Annette Messager

© Marie Clerin

Stuffed animals swaddled in knitted garments, mutilated stuffed toys, photographic details of the human body, organs in multi-coloured materials strung from the ceiling and hanging loosely, or embroideries of misogynistic poems, the work of Annette Messager oscillates between fascination and repulsion. Influenced by surrealism and the feminist currents of the seventies, Messager creates an imaginary world that is as grotesque as it is fantastic, exploring the secret world of childhood, sexual identity, but also the role of women in a man’s world. Her work stems from personal experience and daily life and is part of the quest by artists and writers of the 1970s for “individual mythologies”. “An artist is made to transgress,” she says, and her works – which question the everyday, the unspoken, fears and fantasies – evoke transgression while provoking both smiles and a sense of unease.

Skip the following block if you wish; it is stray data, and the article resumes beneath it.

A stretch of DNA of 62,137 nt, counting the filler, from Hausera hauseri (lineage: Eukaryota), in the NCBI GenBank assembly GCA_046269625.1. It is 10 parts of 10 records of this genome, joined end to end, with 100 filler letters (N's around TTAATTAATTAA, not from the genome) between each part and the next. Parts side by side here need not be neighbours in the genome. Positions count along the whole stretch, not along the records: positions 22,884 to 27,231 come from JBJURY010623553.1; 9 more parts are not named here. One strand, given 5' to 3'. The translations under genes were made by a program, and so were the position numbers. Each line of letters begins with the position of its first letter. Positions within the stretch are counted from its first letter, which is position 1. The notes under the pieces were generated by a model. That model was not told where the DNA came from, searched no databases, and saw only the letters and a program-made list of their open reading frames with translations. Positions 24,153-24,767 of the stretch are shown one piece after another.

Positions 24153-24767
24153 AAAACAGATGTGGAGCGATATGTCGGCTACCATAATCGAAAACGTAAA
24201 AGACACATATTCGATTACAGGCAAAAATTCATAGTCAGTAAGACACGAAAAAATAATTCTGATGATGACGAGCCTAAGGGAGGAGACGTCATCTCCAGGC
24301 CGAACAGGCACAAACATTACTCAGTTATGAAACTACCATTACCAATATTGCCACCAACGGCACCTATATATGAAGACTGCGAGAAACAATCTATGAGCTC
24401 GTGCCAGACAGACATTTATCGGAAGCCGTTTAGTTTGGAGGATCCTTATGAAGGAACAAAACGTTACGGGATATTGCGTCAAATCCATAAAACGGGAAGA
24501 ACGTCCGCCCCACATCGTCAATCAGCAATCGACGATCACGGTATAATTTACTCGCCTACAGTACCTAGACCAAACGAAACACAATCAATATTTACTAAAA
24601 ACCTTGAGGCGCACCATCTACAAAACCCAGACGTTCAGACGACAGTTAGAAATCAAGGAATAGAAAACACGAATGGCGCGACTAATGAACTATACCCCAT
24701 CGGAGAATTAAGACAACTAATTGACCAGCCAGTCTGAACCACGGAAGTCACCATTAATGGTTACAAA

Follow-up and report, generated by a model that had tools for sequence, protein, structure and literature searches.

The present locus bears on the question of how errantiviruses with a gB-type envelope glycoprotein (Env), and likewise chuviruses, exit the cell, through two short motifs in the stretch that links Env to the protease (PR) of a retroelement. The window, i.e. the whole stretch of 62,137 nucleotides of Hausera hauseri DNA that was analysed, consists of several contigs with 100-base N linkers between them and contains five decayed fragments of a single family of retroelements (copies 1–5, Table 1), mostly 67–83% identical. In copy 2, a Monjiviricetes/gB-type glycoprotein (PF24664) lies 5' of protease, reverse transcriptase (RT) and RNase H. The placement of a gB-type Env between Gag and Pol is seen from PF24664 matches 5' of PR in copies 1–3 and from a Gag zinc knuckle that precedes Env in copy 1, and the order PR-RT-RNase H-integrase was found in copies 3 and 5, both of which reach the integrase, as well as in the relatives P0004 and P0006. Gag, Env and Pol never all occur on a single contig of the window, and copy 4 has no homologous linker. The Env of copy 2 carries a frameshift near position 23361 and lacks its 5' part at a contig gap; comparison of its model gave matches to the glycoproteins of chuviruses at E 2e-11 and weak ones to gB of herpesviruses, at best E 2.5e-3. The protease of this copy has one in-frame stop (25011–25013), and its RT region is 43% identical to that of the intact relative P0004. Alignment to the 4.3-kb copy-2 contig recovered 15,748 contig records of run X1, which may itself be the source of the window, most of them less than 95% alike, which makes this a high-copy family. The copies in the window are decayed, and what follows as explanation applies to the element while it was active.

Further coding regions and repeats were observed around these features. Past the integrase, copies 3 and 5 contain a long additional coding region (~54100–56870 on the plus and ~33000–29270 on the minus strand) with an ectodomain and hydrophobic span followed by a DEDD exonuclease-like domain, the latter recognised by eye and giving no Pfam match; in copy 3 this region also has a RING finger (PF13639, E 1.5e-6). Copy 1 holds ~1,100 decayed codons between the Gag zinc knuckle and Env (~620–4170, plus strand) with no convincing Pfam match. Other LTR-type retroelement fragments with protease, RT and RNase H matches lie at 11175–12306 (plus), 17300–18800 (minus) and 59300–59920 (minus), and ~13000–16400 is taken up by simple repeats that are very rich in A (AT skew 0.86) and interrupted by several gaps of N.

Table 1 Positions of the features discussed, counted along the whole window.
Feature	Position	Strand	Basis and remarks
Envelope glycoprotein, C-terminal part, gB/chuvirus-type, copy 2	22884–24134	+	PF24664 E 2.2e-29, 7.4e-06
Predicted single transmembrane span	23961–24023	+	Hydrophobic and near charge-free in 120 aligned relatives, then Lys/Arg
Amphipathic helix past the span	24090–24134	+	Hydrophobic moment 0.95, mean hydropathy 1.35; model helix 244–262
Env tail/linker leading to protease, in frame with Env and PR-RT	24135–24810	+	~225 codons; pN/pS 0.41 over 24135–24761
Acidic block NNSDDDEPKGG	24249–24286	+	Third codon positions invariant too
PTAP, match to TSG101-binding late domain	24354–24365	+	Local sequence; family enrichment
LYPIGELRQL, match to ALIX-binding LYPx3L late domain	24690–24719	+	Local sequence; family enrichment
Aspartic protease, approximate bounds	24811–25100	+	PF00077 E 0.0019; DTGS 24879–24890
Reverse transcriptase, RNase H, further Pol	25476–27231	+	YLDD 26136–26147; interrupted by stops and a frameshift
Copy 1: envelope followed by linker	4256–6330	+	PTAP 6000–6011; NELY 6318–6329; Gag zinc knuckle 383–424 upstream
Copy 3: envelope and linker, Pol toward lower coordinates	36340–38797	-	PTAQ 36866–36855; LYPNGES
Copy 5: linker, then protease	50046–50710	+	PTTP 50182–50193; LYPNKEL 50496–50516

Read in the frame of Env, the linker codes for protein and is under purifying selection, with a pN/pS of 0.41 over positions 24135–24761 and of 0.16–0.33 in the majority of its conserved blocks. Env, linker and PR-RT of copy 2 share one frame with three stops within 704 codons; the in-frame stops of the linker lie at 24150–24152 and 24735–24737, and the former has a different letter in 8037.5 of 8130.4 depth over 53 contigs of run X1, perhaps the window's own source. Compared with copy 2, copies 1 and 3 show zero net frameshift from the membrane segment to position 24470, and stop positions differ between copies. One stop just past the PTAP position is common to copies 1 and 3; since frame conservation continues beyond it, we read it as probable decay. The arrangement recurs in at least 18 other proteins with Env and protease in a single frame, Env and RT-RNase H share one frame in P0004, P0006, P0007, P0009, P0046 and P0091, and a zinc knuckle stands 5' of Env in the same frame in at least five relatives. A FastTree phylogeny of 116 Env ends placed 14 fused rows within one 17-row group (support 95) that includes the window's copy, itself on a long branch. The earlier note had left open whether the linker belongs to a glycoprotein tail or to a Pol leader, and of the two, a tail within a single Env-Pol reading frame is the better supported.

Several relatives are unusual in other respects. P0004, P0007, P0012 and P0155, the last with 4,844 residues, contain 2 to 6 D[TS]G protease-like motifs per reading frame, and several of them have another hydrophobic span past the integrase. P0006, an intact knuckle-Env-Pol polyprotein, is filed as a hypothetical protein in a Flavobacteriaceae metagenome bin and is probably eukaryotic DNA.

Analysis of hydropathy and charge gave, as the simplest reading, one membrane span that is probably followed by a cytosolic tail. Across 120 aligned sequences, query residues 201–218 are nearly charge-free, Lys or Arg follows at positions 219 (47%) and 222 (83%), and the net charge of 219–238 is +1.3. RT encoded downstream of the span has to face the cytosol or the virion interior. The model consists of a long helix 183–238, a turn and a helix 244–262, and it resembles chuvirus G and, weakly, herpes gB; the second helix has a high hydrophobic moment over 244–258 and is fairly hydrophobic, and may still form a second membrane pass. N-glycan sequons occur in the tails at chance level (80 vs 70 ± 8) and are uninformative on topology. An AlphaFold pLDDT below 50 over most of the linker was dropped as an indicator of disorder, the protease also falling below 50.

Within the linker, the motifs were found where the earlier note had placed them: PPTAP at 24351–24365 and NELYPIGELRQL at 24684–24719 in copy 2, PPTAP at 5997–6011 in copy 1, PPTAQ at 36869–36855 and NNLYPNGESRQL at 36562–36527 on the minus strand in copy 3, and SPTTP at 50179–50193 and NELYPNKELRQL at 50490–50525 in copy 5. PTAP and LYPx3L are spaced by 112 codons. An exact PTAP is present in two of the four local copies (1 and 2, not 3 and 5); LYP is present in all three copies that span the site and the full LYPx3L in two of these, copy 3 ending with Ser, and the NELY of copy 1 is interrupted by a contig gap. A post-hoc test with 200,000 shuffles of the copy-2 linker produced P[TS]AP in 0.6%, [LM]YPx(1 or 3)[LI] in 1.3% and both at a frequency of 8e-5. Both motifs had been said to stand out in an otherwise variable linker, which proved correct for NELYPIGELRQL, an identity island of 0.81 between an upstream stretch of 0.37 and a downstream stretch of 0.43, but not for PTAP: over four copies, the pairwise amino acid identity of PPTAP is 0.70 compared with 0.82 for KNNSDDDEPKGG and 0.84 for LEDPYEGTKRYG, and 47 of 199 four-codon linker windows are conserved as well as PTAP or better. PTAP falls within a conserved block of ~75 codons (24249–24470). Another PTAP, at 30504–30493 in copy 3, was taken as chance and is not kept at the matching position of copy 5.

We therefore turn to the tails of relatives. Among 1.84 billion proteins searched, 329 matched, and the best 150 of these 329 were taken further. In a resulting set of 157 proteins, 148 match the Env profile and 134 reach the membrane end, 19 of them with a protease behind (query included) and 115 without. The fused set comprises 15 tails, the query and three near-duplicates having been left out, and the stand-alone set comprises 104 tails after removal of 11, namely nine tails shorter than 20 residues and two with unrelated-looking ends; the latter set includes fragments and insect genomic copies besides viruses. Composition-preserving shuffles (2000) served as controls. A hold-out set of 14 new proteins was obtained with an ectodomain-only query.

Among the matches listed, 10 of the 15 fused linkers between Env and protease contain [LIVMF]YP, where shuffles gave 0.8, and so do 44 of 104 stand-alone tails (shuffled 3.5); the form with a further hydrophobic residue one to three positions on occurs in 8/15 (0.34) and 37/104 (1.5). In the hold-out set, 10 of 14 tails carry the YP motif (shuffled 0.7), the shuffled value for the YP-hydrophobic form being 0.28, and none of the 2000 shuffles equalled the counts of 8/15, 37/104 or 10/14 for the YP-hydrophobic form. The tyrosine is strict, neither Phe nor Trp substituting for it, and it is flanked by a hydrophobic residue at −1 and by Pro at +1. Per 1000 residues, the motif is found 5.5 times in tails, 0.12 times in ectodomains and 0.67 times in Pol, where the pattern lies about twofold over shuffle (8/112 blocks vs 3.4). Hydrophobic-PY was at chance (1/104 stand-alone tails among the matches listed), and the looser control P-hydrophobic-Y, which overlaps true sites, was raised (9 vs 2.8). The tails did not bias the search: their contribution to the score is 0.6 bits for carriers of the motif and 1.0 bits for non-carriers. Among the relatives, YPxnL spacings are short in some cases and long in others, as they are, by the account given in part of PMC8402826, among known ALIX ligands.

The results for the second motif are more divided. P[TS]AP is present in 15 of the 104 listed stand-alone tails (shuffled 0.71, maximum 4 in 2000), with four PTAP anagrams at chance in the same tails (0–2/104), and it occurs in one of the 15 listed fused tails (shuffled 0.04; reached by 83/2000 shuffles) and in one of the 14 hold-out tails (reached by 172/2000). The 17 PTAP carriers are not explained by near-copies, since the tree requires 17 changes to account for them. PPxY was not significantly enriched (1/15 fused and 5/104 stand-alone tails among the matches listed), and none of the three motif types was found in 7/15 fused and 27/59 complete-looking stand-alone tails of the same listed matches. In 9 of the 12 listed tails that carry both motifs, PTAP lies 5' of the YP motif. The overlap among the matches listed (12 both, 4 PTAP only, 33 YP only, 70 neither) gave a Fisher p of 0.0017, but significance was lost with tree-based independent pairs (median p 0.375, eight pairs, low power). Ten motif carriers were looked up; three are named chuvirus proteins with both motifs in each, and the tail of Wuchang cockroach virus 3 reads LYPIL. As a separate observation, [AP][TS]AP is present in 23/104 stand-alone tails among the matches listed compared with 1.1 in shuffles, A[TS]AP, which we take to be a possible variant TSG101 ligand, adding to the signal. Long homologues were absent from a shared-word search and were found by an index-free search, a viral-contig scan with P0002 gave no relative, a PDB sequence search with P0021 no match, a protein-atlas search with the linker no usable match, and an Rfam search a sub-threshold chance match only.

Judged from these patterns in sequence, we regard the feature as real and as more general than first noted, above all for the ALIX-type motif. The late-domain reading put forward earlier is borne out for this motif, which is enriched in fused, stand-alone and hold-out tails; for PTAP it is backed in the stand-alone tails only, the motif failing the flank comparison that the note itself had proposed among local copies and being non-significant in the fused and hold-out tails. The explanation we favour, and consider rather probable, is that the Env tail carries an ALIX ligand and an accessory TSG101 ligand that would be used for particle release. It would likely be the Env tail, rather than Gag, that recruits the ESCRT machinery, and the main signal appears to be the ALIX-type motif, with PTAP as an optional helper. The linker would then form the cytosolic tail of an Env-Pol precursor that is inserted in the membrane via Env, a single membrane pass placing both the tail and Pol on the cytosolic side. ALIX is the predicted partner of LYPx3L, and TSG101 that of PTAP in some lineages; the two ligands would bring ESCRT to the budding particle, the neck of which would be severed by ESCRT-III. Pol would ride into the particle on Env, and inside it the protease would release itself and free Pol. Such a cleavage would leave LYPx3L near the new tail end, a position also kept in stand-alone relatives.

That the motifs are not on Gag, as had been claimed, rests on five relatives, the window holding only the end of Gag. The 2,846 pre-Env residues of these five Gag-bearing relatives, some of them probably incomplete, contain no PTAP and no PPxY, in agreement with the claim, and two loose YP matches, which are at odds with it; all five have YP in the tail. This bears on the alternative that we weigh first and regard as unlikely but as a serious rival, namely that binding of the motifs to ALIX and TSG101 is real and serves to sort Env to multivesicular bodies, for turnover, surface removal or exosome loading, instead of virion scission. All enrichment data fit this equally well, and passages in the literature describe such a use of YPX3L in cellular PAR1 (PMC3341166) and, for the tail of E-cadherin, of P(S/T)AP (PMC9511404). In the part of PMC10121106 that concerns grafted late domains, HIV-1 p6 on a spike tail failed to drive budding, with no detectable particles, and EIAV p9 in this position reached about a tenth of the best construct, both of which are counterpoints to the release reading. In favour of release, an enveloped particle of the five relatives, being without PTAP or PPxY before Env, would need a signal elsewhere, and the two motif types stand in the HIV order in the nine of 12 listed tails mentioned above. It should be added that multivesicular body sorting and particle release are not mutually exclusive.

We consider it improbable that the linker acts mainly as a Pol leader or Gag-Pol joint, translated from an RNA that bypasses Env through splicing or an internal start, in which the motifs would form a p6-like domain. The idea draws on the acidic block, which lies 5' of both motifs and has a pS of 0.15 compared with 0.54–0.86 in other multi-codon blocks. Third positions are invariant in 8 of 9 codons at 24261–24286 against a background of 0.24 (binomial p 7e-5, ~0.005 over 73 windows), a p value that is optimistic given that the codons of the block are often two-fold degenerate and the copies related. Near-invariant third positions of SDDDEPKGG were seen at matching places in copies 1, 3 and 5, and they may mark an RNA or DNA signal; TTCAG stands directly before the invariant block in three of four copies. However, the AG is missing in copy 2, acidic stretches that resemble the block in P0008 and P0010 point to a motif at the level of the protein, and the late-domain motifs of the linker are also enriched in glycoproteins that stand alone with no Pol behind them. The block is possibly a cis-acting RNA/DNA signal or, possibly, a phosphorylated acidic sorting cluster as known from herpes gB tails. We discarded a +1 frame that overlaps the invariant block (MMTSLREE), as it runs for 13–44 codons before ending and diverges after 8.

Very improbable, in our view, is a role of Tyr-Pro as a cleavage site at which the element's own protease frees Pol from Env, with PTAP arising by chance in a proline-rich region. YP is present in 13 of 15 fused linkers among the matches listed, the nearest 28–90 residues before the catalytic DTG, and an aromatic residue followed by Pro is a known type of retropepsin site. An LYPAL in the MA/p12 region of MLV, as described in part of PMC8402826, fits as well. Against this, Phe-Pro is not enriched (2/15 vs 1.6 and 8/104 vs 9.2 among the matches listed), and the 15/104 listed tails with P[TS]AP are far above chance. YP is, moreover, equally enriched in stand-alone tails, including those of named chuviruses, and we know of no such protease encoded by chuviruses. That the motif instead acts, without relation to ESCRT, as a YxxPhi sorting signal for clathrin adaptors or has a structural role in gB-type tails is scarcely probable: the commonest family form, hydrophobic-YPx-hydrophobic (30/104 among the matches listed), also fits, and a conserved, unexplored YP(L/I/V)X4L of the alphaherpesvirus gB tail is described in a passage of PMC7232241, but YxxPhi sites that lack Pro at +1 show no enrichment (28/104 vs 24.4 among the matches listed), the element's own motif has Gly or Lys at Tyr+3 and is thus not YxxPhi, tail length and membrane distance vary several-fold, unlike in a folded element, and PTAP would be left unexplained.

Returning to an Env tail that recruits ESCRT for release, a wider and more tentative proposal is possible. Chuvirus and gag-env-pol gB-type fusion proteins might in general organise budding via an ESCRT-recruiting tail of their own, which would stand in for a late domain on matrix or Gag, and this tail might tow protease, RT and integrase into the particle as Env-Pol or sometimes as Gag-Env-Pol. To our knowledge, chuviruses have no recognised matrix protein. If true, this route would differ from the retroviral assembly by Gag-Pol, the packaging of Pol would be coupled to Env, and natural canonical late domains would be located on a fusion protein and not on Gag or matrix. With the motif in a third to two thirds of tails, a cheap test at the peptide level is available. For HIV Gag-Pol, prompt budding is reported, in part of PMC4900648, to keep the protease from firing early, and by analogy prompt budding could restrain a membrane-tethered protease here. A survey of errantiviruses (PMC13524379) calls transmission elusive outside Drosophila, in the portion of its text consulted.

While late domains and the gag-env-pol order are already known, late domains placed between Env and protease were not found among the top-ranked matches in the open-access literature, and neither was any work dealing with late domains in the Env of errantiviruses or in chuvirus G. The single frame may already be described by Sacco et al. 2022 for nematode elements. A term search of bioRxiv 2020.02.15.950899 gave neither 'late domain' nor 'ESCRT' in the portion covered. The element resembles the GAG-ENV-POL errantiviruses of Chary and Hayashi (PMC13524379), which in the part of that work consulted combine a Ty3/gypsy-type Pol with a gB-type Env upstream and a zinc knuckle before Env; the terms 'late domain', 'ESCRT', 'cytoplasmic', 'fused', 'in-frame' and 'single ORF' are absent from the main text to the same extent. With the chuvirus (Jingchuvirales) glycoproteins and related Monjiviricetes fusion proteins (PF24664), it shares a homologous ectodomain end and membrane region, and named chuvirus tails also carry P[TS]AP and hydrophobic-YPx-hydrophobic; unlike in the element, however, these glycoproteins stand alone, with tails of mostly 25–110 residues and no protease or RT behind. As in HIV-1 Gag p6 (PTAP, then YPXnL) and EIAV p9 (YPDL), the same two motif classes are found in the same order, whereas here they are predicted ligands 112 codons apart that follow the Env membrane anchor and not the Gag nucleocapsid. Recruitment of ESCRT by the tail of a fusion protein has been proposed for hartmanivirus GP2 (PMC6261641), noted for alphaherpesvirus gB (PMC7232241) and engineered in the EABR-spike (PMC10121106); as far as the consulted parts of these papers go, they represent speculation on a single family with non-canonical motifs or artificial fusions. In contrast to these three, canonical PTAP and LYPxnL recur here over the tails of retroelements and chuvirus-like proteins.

Born in 1943, Annette Messager studied at the École des Arts Décoratifs de Paris. In 1970, she assembled her first Collections, extracts from family albums and phrases from newspapers that she annotated and modified. She presented this work three years later. Since then, her works have been presented in many contemporary art museums throughout the world (the Musée d’Art Moderne de la Ville de Paris, MoMA in New York, Centro de Arte Reina Sofia in Madrid, etc.) and she has become a major figure of the international scene. She represented France at the 2005 Venice Biennale, where she obtained a Lion d’Or for her work Casino.


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